“Figures of Speech” at the MCA Chicago
Virgil Abloh's First Museum Exhibition Portrays Creativity and Consumption in the 21st Century
A diverse social structure is needed in society, there are already too many things that separate us, with race and class being the most immediate, so when something comes along and binds us as one, even if for a brief moment, we should embrace it wholly. Unexpectedly the Virgil Abloh “Figures of Speech” exhibition at the MCA Chicago does exactly this and more. Social sculpture in the 21st century.
Over 12,000 square feet 20 years of work is shown as a condensed retrospective of Virgil’s work. Curated by the MCA’s Chief Curator Michael Darling and Samir Bantal – a director at AMO, OMA’s research unit, the exhibition aims to navigate the various worlds Virgil operates in through the physical manifestations of his work. Fashion, art, design and architecture all collide with one another by the designer who graduated with a Masters in Architecture at the Illinois Institute of Technology.
Before entering the exhibition, black and yellow construction-site cautionary panels proclaim “your perceptions clearance”. As attendees walk under the panel it is a reminder that we choose what we want to see and how. Pick a lens and construct your reality. It’s something we all have the power to do in a way to aid our daily lives. It’s easy to be cynical about a lot of things, but once physically exploring the show, it’s evident the impact it has on its attendees. It’s not often that a day at the museum results in analysing the psychology of the experience. A wave of optimism and positivity flows through the “Figures of Speech” exhibition, with a diverse range of attendees stemming from various ages and cultures. Wide-eyed and open-minded, the varied attendance of local Chicagoan and international visitors, in addition to their varying backgrounds or upbringings reflect a common ground between guests.
The artist states “I don’t feel responsible to preconceived notion of art. I feel more responsible to a community that is trying to change the tide or—just sort of—live in an optimistic society that art, design, music, and fashion actually change the world for the better”. Virgil’s work is easy to consume, and easy to inspire. Himself inspired by Duchamp, a resonating attitude is a clear manifesto. His work seems accessible and do-able, and it’s this that seems to attract the youth who make up two thirds of the shows attendance numbers. Empowering his younger audiences now, they’ll soon we leading companies and aiming to make an impact with their work, too.
“Chicagoans know how to collaborate” states MCA Director Madeleine Grynsztejn, highlighting a key ingredient to Virgil’s success. Through his platform, Virgil proactively works with original yet lesser-known creators from around the world, encouraging the power of collaboration. From French photographer Karl Hab to Polish photographer Piotr Niepsuj, Virgil also works with New York-based photographer Christina Paik and San Diego-based Julian Klincewicz, all whom are millennials and only beginning their careers. They too work with other creators in a modern way, through travel or digital connections.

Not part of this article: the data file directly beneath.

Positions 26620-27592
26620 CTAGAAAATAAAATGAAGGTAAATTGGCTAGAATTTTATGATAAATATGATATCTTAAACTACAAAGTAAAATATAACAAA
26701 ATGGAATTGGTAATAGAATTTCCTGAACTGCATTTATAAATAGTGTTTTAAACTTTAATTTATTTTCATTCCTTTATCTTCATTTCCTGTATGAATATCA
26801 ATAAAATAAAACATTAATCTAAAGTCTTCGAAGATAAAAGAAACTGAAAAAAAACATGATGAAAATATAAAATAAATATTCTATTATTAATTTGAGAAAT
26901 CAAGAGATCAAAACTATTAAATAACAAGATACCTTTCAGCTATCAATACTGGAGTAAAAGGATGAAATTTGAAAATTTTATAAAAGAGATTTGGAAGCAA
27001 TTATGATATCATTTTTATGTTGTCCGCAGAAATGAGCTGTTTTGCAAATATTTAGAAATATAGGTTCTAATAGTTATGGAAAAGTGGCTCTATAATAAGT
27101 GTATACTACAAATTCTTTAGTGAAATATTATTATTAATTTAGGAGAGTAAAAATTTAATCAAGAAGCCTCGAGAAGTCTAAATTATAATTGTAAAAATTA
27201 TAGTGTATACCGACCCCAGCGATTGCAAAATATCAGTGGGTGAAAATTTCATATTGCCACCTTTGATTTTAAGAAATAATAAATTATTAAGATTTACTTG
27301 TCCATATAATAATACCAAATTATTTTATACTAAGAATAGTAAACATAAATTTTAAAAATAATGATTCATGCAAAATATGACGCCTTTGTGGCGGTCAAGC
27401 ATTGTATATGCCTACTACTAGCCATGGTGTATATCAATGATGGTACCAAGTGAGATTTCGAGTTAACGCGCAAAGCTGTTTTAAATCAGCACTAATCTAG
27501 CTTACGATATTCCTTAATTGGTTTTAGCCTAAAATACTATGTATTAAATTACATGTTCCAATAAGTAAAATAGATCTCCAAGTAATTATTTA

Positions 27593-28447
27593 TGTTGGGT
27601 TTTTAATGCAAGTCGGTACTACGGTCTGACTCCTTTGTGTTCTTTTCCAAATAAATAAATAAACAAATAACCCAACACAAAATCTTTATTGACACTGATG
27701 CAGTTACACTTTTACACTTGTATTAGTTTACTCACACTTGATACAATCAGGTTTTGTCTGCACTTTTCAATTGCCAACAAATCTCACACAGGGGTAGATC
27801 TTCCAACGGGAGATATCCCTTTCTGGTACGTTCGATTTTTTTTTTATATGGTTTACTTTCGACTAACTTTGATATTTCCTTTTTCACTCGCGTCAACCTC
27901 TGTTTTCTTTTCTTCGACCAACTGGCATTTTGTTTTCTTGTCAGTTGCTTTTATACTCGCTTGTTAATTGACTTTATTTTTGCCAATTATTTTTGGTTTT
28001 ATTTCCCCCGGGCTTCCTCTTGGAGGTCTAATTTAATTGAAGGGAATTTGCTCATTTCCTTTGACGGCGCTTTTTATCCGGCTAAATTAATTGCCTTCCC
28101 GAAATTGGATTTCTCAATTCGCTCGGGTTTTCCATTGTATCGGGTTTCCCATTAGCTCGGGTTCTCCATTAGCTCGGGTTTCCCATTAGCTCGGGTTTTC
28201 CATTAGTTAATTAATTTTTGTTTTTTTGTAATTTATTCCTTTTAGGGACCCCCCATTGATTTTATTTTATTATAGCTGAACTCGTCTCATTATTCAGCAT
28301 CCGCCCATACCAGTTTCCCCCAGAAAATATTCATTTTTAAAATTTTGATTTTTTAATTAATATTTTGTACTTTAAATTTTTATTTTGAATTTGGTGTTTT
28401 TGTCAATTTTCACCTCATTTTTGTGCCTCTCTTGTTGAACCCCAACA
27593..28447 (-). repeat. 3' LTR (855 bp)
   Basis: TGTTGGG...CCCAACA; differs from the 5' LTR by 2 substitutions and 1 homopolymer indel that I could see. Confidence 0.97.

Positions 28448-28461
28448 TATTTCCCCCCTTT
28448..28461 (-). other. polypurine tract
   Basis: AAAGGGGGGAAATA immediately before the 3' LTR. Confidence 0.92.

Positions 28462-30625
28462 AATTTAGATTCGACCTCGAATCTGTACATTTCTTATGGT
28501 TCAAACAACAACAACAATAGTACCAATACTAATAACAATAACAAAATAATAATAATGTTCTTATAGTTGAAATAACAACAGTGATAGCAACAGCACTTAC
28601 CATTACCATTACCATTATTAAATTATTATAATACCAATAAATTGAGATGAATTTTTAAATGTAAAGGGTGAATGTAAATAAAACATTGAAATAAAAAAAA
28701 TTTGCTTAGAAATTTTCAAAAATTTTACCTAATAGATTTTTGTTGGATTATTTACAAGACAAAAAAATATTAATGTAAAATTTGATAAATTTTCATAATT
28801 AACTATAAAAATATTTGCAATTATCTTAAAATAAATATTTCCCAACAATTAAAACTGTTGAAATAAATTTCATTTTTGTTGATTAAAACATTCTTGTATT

With similar interests, a lot of us grew up in circles of music, skateboarding or street art; self expression with what you had to identify with others. A unique language connecting visuals, audio, history and the future. In the exhibition early notebooks are displayed with Virgil’s sketches (such as Homework, 1999 with his alias “Vergone!” And “Ceas”) but Screen Shot, 2017 presents a FaceTime screen grab with collaborator Theophilus London (with artist Arthur Jafa presenting it in the show).
Specifically for “Figures of Speech”, Virgil has opened gift store “Church & State” peddling affiliated wares, in addition to the garments in the general MCA gift store selling “non-returnable” t-shirts and hoodies. Merchandise has long been a way for artists to gain profit and gift stores have been a staple for museums to generate income. At “Figures of Speech” however this seems disproportionate. What’s Virgil selling? Frieze writer Evan Moffitt urges us not to buy into any of it and through his article raises many relevant and pivotal points.
What’s clear to see in “Figures of Speech” is Virgil’s tool for communication is physical product. Design work for Kanye and IKEA are strong examples of his brilliant ideas, but it’s his branded clothing in large proportions here at the MCA which highlight this part of his work. With such a large platform, shouldn’t the designer be addressing over-consumption now that it’s gained him such a large voice? We’re living in a material world, but why should this be the acceptable norm? It’s time for designers who plug their wares to utilise what profit they’ve made, for good. Conglomerates like Kering have vowed to go carbon neutral by off-setting their output, with LMVH working towards their own Carbon Fund, but these are promises by large businesses that want to keep growing at the end of the day.
Virgil’s not just selling product however, he’s selling a new American spirit: of optimism and the power of collaboration. Dots are connected through different industries, merging worlds and bypassing hierarchies and existing rules. It’s his recipe for his own success, and he’s encouraging others to try it.
A native of Rockford, Illinois, Virgil has admitted “I felt like I was just an average kid from the middle of nowhere” and it’s this that subconsciously resonates with so many youths worldwide. “Figures of Speech” highlights the best and worst of contemporary society but not in equal measure. Virgil’s show, unlike many others, has been able to connect and inspire attendees to a maximum impact, their thoughts and impressions reverberating online to places far further than Chicago. Isn’t that what the creative industry aims for, and a successful museum exhibition intends to do?